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Practice with the exercises:
Exercise 1

1. The second conditional

In English there are several types of conditionals, among them, the second conditional. This type of conditional is used to talk about events that are not true at the present time or that are unlikely to happen in the future.

If I had money, I would travel more.
If I asked Susan out, would she accept?

2. Structure of the second conditional

The second conditional has the following structure:

If + subject + past simple, subject + would + verb in infinitive (without to)

Although with the personal pronouns I, he, she, and it the form was is used as the past of the verb to be, with conditionals the form were is used instead. We can also use could instead of would.

  Second Conditional
I If I were invisible for one day, I could play tricks on my friends.
HE If he weren't so stubborn, he would admit he was wrong.
SHE If she were a good friend, she would help you.
IT If it were cheaper, I could buy it.

The order of the two sentences that make up the conditional structure can be changed. If we start with the If condition, we will separate them with a comma. If we start with the sentence that expresses the result, then we won't put a comma.

If I ate less, I would lose weight.
I would lose weight if I ate less.

3. How is the second conditional used?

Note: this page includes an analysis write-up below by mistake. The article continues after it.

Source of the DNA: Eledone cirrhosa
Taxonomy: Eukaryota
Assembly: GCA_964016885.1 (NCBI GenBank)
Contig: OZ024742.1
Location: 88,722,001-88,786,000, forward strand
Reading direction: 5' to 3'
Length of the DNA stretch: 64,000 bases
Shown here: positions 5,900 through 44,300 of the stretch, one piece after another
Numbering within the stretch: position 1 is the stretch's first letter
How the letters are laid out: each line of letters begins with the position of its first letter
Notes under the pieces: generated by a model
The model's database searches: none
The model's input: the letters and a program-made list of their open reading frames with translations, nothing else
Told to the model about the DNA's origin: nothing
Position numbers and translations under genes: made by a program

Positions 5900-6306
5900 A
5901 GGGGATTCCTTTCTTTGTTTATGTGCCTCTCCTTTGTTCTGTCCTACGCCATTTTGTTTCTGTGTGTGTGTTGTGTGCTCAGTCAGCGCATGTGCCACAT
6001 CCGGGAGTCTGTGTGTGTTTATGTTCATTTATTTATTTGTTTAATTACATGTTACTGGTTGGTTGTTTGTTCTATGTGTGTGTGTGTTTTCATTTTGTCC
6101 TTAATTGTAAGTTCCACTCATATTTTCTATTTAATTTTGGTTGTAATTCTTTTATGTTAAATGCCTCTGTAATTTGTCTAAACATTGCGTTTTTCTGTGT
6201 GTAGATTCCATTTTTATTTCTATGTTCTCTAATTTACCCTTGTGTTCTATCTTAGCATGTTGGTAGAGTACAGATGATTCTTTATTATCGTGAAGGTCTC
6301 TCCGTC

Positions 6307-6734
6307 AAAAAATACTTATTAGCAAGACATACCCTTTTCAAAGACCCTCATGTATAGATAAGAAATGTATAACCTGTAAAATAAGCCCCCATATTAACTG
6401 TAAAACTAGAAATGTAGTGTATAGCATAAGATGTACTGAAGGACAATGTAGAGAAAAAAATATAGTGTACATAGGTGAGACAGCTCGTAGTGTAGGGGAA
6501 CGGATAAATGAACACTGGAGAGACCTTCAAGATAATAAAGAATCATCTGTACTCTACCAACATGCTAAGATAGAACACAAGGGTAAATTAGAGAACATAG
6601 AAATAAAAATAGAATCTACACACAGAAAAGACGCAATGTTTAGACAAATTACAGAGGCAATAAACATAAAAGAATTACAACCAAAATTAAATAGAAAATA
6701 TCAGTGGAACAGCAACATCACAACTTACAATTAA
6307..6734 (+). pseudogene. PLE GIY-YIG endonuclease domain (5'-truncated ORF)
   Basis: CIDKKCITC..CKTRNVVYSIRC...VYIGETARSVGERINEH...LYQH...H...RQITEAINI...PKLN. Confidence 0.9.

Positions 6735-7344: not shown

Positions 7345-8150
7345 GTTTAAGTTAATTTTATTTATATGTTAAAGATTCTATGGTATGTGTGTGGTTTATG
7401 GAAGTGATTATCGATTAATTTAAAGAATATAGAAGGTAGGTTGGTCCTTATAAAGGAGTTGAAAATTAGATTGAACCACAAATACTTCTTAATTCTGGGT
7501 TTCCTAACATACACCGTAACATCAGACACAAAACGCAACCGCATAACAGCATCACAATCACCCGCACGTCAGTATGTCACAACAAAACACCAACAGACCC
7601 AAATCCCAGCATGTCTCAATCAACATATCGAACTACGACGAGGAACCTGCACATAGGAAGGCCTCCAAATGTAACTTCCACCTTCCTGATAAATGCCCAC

• For situations that the speaker believes are unlikely to happen in the future.
    If I became President, I would change many things.
    If I saw Madonna, I would scream.
  • For situations that are not true at the present time.
    If I had more time, I would take up a sport.
    In this example, the boy hasn't got time (he works), but this situation might change in the future and he could decide to do sport.
    If you spoke up, I'd hear you.
    In this example, the speaker can hardly be heard because he speaks quietly. Still, this may change in the future, as he might speak louder.
    It should be noted that the contracted form of would is 'd.
  • To give advice to someone using the expression If I were you.
    If I were you, I'd say yes.
    If I were youI wouldn't invite her.

Remember!

The second conditional is a type of conditional that is used to talk about events that are not true in the present or that are unlikely to happen in the future.
STRUCTURE
IF + PAST SIMPLE, + WOULD + VERB IN INFINITIVE (WITHOUT TO)
USES EXAMPLES
For situations the speaker considers unlikely to happen in the future. If I were an astronaut, I would travel to the Moon.
For situations that are not possible in the present, that is, they are not a reality at the present time. If I worked shifts, I would choose mornings.
To give advice using the expression If I were you. If I were you, I would tell her the truth.

 

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